My counsellor simply said to me "you're the first to split in your group, but you certainly won't be the last". It's helped me.
Try some counselling, it will help. And tell friends you're looking for a lodger.

SteppingOnToes Mon 05-Jun-17 18:33:07

It really annoys me that it is OK to leave someone because you no longer love them but if there is abuse you get told to try harder sad

Say strong - come on here and we will hand hold you through this.

Freeofhim Mon 05-Jun-17 19:40:43

Thanks. I really want counselling but I don't have the £50 a session available at the moment since taking on all the bills alone and having some debts on credit cards from a holiday I paid for when we were together. Hoping to find a way to fund it in the future.

picklemepopcorn Mon 05-Jun-17 20:38:53

You should be able to get counselling from the GP, maybe only six sessions, but better than nothing.

Freeofhim Mon 05-Jun-17 23:22:38

Thanks I'm seeing my GP on Monday so I'll ask

LanaDReye Mon 05-Jun-17 23:27:24

Not sure if you know but you can join a local library for free and order books online for self-esteem, mindfulness and welbeing (they have inter-library loans). I found counselling expensive and self-help books can be a good way of re-wiring your brain -well helped me through feelings of doubt and anxiety after split from controller!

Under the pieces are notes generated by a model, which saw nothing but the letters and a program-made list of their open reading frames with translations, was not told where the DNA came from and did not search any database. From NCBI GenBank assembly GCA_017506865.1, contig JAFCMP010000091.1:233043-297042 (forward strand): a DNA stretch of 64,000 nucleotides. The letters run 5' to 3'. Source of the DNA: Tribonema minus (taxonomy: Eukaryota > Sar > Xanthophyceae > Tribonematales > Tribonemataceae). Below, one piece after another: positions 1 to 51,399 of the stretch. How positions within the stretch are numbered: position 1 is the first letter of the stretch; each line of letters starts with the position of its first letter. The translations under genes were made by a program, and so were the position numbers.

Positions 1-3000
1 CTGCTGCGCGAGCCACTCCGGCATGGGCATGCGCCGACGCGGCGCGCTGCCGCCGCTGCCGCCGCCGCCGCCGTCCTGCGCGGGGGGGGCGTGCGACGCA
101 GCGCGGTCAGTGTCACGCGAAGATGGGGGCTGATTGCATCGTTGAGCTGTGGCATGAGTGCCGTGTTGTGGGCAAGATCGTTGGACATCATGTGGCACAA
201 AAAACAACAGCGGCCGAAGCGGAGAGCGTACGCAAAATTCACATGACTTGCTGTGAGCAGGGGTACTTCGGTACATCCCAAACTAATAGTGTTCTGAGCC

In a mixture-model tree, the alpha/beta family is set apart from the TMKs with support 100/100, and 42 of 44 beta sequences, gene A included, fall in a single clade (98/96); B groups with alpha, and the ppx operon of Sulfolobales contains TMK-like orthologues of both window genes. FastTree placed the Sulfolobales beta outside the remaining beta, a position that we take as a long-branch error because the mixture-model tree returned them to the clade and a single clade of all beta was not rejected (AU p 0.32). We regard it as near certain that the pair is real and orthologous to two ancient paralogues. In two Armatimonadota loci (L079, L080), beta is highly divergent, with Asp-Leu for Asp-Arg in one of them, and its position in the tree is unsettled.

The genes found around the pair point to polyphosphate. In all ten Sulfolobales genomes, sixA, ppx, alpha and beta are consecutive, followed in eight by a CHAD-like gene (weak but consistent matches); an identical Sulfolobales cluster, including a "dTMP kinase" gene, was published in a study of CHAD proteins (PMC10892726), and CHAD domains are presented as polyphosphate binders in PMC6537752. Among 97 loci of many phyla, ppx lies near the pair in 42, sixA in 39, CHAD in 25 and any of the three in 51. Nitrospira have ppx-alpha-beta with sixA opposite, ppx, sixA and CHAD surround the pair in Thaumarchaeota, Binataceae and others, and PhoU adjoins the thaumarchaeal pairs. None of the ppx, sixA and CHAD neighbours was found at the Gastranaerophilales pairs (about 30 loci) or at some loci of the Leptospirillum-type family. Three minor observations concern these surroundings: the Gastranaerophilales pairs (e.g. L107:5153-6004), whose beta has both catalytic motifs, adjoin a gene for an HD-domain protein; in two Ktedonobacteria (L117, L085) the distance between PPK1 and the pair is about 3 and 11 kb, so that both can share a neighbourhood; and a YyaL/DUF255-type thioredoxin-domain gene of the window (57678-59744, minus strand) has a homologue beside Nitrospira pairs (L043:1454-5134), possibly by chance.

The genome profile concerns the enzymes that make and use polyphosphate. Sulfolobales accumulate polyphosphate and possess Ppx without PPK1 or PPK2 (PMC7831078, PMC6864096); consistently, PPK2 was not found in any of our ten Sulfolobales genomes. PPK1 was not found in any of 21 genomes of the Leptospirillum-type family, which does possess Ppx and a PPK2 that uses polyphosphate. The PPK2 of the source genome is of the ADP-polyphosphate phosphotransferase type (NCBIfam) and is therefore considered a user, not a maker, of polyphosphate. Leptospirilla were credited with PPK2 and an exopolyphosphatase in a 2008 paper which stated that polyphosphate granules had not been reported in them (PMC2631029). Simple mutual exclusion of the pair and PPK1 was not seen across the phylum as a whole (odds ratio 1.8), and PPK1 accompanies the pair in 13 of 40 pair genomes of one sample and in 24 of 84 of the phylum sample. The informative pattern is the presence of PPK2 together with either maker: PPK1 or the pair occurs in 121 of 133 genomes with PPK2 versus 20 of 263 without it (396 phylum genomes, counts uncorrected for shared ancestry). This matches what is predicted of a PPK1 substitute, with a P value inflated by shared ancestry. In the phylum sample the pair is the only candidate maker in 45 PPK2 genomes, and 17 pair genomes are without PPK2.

LanaDReye Mon 05-Jun-17 23:29:17

Also second-hand Amazon books can be less than £2 and there are good reviews on which ones are worth buying.

QueenofEsgaroth Mon 05-Jun-17 23:31:54

I believe you.

Change your social circle, start a new chapter. Volunteer, join a walking group, whatever floats your boat.

You can do a lot of online reading for free to understand abuse and recovery better, look up other threads on mn for links. Abusers reel you in by being exactly what you need them to be - once you get your head around this you will realise the love of your life may have been an act who never existed which might help with the feelings of loss.

noego Tue 06-Jun-17 08:47:25

There are organisations that can help you through this.
Women's Aid, Rape Crisis, The national domestic violence helpline, Samaritans. Your GP and counselling. Use them all if you feel the need to.

pudding21 Tue 06-Jun-17 09:44:51

Well done on getting out firstly. I left an EA relationship 4 months ago and I have felt the need to justify to people why I left. Many people have asked me outright if there was anyone else involved as they could't see what was happening at home. In public he was always very nice and to the most people we seemed happy.

People who asked me about if we could work it out are now starting to see his behavior as erratic at best and seem to understand a bit better why I had to go.

You know, that is what matters. Its very tough because you are waiting for those highs and lows all the time that you have come to expect. Its like youve been on a constant state of high alert and in a way you come to miss it. Take some time to do things that you like, and look after your self. And talk to people in real life if you can.

hellsbellsmelons Tue 06-Jun-17 10:13:39

Did you do the Freedom Programme yet?
If not then contact Womens Aid and see where there is one in your local area.
This will really help you with future relationships, self-esteem, spotting red flags, setting boundaries.
Honestly. Please attend as soon as you can.